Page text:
In recent years, the transformation of race relations has been the most dramatic change in the social conditions of small towns in the Deep South. Black citizens in these communities have acted purposefully to end segregation and racial domination. Hope among all rural Southerners has been fueled by the removal of race as a deterrent to overall economic development. In Bogalusa, Louisiana, a small Pearl River town of 20,000, significant change has occurred, allowing us to rethink the impact of changing race relations on larger strategies for social development.

        Civil rights action in Bogalusa captured the attention of the nation...

      • CHAPTER 12 Economic Slavery or Hazardous Wastes? Robeson County’s Economic Menu
        (pp. 146-157)
        Richard Regan and Mac Legerton

        It is three–fourths the size of Rhode Island. It is 90 percent forests and farmland, with a subtropical climate. Wages are low, unemployment is high. The economy is based on production of cash crops and industrial goods that are marketed and sold by outside business interests. People of color make up 63 percent of the population. Three out of four workers who are persons of color are employed in low–wage jobs. Five separate school systems were only recently merged as a result of a local referendum; there are four interspaced phone districts, and no system of public transportation...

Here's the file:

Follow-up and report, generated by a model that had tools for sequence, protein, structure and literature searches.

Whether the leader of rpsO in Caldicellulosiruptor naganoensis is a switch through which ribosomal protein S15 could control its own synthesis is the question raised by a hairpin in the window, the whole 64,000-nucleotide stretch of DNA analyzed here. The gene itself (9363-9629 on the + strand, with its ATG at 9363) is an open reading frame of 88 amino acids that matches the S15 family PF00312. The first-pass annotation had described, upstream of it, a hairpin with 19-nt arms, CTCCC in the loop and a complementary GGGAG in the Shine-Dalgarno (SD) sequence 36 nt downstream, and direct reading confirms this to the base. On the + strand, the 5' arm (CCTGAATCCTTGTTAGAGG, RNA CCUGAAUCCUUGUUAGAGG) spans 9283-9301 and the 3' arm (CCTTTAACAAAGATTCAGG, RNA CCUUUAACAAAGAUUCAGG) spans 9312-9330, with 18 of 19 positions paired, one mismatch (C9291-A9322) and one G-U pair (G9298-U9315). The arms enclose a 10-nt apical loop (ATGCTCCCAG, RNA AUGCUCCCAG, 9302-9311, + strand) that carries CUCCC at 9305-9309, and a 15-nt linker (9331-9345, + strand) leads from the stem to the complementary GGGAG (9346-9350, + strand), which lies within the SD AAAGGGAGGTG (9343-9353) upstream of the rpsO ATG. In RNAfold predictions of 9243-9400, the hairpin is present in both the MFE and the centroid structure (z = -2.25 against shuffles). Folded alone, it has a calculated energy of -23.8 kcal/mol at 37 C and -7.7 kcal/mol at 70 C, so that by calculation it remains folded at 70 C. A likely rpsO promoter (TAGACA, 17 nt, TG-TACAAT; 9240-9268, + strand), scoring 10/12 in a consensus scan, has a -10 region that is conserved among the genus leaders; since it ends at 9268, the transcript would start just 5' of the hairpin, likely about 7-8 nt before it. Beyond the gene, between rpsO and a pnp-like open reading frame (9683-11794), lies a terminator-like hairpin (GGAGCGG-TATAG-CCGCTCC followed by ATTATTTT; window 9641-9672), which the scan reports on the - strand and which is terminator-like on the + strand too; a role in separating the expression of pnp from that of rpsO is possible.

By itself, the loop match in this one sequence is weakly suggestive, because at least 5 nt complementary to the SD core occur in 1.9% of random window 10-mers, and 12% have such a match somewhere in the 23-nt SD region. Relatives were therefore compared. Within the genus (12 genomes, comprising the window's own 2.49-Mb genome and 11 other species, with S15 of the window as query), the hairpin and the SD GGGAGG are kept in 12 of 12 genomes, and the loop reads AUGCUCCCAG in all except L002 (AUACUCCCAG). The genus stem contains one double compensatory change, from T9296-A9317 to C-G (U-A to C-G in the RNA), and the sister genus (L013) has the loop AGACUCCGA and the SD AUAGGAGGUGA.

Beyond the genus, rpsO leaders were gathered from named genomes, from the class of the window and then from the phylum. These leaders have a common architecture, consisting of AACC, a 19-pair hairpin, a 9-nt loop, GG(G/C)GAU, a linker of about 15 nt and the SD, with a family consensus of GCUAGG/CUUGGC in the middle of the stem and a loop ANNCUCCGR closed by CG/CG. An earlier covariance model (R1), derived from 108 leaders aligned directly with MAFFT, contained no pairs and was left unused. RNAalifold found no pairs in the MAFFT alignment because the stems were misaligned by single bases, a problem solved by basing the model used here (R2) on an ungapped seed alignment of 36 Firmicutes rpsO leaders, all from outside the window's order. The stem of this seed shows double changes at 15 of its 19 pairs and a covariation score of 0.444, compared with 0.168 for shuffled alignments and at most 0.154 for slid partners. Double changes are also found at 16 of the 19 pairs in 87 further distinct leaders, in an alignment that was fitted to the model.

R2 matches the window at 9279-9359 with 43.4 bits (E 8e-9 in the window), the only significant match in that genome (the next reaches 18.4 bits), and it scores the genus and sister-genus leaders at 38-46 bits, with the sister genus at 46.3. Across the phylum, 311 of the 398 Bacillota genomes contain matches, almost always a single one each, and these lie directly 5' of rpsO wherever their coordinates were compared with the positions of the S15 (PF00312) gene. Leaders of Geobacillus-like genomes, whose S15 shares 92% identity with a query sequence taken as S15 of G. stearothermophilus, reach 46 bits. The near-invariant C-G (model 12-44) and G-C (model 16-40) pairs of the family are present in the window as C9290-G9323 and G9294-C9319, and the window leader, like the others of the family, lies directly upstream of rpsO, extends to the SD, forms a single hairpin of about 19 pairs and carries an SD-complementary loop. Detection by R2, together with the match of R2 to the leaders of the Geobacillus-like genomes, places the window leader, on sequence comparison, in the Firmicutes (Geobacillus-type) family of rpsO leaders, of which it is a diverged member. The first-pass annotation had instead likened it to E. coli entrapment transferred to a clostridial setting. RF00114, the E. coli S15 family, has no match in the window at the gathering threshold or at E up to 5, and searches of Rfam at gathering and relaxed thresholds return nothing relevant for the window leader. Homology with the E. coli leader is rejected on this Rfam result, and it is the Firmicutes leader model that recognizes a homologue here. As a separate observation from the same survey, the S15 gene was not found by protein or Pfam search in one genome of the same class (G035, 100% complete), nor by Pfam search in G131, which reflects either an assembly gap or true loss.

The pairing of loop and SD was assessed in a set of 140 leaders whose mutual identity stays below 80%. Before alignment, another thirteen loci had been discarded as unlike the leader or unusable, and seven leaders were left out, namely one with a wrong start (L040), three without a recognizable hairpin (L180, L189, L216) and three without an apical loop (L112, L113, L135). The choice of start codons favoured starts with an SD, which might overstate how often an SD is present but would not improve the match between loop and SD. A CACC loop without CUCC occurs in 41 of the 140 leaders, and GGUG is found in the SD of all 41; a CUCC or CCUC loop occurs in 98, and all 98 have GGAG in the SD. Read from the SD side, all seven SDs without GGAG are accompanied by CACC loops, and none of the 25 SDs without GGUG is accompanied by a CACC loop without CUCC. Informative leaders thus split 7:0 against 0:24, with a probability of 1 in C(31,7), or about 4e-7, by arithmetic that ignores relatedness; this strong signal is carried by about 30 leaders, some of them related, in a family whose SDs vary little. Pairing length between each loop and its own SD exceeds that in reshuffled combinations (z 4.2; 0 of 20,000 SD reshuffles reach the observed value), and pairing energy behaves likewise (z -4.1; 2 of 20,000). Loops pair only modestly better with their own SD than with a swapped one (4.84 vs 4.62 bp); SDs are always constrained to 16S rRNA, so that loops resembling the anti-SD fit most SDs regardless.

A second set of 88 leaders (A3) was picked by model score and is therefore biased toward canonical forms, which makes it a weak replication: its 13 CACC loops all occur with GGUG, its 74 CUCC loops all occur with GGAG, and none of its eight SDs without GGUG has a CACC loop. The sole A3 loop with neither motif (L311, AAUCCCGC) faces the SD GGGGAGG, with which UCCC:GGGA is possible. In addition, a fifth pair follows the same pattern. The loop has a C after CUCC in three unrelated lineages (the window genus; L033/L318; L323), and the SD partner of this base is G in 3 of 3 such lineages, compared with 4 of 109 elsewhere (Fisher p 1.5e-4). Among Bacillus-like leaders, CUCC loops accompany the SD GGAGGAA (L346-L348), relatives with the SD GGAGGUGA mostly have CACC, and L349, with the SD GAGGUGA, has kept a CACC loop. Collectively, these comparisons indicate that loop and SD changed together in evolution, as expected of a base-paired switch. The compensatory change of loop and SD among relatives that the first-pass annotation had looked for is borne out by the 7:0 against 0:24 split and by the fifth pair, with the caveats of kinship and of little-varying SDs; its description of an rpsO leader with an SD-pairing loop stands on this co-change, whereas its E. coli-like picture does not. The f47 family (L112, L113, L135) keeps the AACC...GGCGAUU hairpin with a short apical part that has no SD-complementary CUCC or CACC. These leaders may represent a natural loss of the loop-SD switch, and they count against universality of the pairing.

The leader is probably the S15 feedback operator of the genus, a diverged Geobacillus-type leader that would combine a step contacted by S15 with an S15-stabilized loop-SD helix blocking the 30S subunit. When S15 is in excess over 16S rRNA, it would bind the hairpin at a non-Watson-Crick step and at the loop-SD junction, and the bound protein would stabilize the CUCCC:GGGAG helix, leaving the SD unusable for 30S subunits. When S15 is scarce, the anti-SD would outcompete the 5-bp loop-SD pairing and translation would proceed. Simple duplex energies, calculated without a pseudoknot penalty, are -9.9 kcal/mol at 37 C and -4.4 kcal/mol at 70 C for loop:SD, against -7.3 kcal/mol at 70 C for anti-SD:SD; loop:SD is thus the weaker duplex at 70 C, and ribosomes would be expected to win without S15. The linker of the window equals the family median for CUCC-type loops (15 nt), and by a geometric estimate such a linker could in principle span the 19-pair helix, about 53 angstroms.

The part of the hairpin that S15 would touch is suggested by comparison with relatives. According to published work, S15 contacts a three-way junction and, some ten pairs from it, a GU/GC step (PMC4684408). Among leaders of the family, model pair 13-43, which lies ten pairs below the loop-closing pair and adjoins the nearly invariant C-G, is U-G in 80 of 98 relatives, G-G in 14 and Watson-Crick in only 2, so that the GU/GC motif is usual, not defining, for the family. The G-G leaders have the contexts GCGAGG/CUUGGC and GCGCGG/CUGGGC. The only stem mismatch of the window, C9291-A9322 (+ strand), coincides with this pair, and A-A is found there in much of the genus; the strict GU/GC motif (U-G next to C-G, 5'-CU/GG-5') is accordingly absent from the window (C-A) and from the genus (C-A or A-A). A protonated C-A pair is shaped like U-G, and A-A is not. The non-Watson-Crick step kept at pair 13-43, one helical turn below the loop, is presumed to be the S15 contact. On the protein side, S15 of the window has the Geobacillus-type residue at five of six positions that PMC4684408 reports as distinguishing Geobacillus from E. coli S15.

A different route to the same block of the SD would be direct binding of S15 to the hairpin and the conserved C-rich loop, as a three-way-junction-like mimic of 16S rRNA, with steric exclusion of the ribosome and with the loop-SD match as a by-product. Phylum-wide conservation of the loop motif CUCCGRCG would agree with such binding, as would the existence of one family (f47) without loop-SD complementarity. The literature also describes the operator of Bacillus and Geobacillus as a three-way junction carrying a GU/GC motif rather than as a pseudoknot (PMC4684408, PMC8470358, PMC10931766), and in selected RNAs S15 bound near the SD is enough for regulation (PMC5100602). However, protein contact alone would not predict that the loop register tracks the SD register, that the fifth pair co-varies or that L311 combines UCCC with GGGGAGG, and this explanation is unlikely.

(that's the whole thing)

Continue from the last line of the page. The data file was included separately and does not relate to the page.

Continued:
• CHAPTER 13 The Mayhaw Tree: An Informal Case Study in Homegrown Rural Economic Development
        (pp. 158-170)
        Ralph Hils

        A short version of this story of grassroots economic development might go something like this: a group of concerned, courageous women decided to do something about the deteriorating economy in their rural southwestern Georgia county by starting a business to produce and export a distinctive local product for a particular market, thereby creating jobs and stimulating other local economic activity. So they did. And it worked. End of story.

        Yet the story of the Mayhaw Tree, Inc., of Colquitt (Miller County), Georgia, is more than a past–tense account of one successful small business in the Southern hinterlands—even though...

  7. PART II Visions for the Future

    • Development by Corporate Design

      • [Introduction]
        (pp. 173-174)